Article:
>>
    >> void set_coords(int x = /* default x */, int y = /* default y */)
    >> {
    >> /* ... */
    >> }


    wrote:
    > Now you have three different overloads. The OP only has these two
    >
    > set_coords(int, int)
    > set_coords()
    >
    > The default parameters solution allows
    >
    > set_coords(int)
    >
    > where x is passed in and y is defaulted.


    Ahh, thanks, I forgot about this case.

    --
    Marcus Kwok
     
    Marcus Kwok, Dec 6, 2005
    #6
  7. Ben Pope wrote:
    > It's perfectly acceptable.
    >
    > Just don't try to do it with constructors, it won't achieve what you want.


    but variant A is fine, right?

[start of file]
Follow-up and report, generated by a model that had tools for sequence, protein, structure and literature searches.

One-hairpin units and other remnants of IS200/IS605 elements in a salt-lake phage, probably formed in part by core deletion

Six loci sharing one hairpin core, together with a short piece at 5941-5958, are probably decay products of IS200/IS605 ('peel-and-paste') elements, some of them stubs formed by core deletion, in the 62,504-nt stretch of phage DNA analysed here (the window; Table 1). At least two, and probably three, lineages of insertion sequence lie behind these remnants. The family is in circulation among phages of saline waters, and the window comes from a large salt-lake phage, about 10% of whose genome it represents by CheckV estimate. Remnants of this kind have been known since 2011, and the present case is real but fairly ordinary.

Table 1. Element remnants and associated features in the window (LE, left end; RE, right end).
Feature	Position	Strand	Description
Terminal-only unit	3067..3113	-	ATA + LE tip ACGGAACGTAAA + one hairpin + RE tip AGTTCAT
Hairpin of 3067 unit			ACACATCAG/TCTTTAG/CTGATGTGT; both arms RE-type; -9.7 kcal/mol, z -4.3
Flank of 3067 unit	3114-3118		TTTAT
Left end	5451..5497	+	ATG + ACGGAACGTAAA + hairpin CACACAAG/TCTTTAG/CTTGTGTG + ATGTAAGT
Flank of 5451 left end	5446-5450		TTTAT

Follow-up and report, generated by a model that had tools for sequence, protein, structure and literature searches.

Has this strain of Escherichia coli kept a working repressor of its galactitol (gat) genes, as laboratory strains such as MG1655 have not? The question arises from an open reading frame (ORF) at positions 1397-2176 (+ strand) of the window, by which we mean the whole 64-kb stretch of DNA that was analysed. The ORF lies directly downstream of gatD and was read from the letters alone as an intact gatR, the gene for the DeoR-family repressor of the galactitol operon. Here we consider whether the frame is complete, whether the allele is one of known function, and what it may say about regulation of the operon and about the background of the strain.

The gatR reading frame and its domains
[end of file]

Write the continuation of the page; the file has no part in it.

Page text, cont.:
// --- variant A
    Foo::Foo(int a) {};
    Foo::Foo() : Foo(3) {};
    // --- variant B
    Foo::Foo(int a) {};
    Foo::Foo() {Foo(3);}

    is fine, right?

    - J.
     
    Jacek Dziedzic, Dec 7, 2005
    #7
  8. Guest

    Jacek Dziedzic wrote:
    > Ben Pope wrote:
    > > It's perfectly acceptable.
    > >
    > > Just don't try to do it with constructors, it won't achieve what you want.

    >
    > but variant A is fine, right?
    >
    > // --- variant A
    > Foo::Foo(int a) {};
    > Foo::Foo() : Foo(3) {};
    > // --- variant B
    > Foo::Foo(int a) {};
    > Foo::Foo() {Foo(3);}
    >
    > is fine, right?


    If you mean

    class Foo
    {
    public:
    Foo();
    explicit Foo(int);
    };

    Foo::Foo(int a) {}
    Foo::Foo() : Foo(3) {} // This will not compile

    then, no you can't do that.

    [Making the single argument constructor explicit has nothing to do with
    your question, but it's generally a good idea unless you *want* implict
    conversion from int to Foo, so I've done it]